2 min read

Using a challenge to take on burnout

We think burnout only comes from overwork. But there’s something else that creates conditions for burnout.
Using a challenge to take on burnout
Photo by Luke van Zyl / Unsplash

Sustain issue #56 (Get Sustain in your inbox next Thursday)

I’m transitioning into a new role at my company that involves a much bigger challenge. More on this later. I’m building something from scratch, working to align many stakeholders, and leading a team.

It’s more difficult and less clear than my last role. In my last role, I was tweaking and optimizing an established system. It started to feel fairly repetitive. The work was meaningful but it wasn't challenging me as much as it did when I started.

With this comes working a few more hours, doing deeper thinking to plan strategy, and navigating more people issues. As I ramp up, I’ve been more taxed and a little overwhelmed painting on an empty canvas.

But it may surprise you to hear me say this is a good thing. I recognize that I’m in an uncomfortable period that’s leading to growth. I know this is a short-term period that will have long-term benefits. I’m being challenged and that’s important. And I’m finding a lot of meaning.

I really questioned taking the role since I was in a place where I could be successful with little effort. That’s hard to give up. But I also know there’s a risk of coasting for too long.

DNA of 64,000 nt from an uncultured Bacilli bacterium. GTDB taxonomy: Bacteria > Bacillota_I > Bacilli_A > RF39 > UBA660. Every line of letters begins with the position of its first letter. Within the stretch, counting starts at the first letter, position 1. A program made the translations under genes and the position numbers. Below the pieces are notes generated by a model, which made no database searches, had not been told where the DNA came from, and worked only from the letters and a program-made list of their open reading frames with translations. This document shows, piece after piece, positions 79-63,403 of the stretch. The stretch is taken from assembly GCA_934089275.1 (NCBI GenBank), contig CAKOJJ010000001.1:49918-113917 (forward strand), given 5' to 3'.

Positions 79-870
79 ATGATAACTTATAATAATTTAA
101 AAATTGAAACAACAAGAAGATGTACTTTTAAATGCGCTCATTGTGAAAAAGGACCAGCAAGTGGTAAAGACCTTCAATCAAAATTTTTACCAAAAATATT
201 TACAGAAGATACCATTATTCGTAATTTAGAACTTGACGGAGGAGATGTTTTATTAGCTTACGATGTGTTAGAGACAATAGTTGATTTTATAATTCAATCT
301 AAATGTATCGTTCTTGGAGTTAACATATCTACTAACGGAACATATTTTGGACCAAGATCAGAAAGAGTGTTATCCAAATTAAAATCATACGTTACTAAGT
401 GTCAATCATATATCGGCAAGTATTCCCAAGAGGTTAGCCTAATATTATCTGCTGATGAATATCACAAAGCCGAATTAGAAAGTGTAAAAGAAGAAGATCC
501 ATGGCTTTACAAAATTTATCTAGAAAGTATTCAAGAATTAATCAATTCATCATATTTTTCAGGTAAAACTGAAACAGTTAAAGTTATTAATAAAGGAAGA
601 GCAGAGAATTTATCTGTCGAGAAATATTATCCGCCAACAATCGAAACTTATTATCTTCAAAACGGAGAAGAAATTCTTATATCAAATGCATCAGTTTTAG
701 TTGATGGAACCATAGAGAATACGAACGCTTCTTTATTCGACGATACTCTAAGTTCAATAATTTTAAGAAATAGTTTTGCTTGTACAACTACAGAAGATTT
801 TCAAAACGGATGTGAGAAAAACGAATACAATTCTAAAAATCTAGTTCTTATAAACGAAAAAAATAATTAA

Too little impact

There seems to be a common understanding that burnout comes from overwork. Crazy hours clearly factor in, but there’s more to it as author Liz Wiseman explores.

As an executive at Oracle, she was cruising along in her job which came fairly easy to her. But then she hit a major bout with burnout. She tried scaling way back but that seemed to make it even worse. She didn’t want to change jobs for fear it could deplete her even further.

Finally, a mentor suggested that a new job could actually be energy-restoring, not energy-depleting. She so tried that. While she was working slightly more hours in her new job, she had more control and could more directly see the impact. And it seemed to be just the change she needed as the burnout started to wear off.

The need for a challenge

Wiseman’s research points to the fact that as humans we generally want to be challenged. She found a strong correlation between being challenged at work and being satisfied with your job. But, like with many things, there’s a fine line when we talk about a challenge. If the job is too difficult, job satisfaction plateaus.

From Wiseman: “Make sure you get a steady diet of meaningful challenges – projects with visible impact and a scope that will invite you to stretch but won’t leave you strung out.”

Don’t be afraid to take on the right kind of challenge for fear that it will burn you out. Doing so might just be the thing that wakes you back up.


Ready to downsize your relationship with work and quit burnout?

Hi, I'm Grant Gurewitz. I'm on a mission to eliminate burnout at work. I've been in tech for 10 years (ex-Zillow, current: Qualtrics) who suffered deep burnout and came back from it even though I never found a playbook for doing so. So, I'm writing it myself.

✉️ Want my top tips? I share my full step-by-step playbook in How I Quit Burnout, my premium newsletter. Get the next one delivered straight to your inbox >

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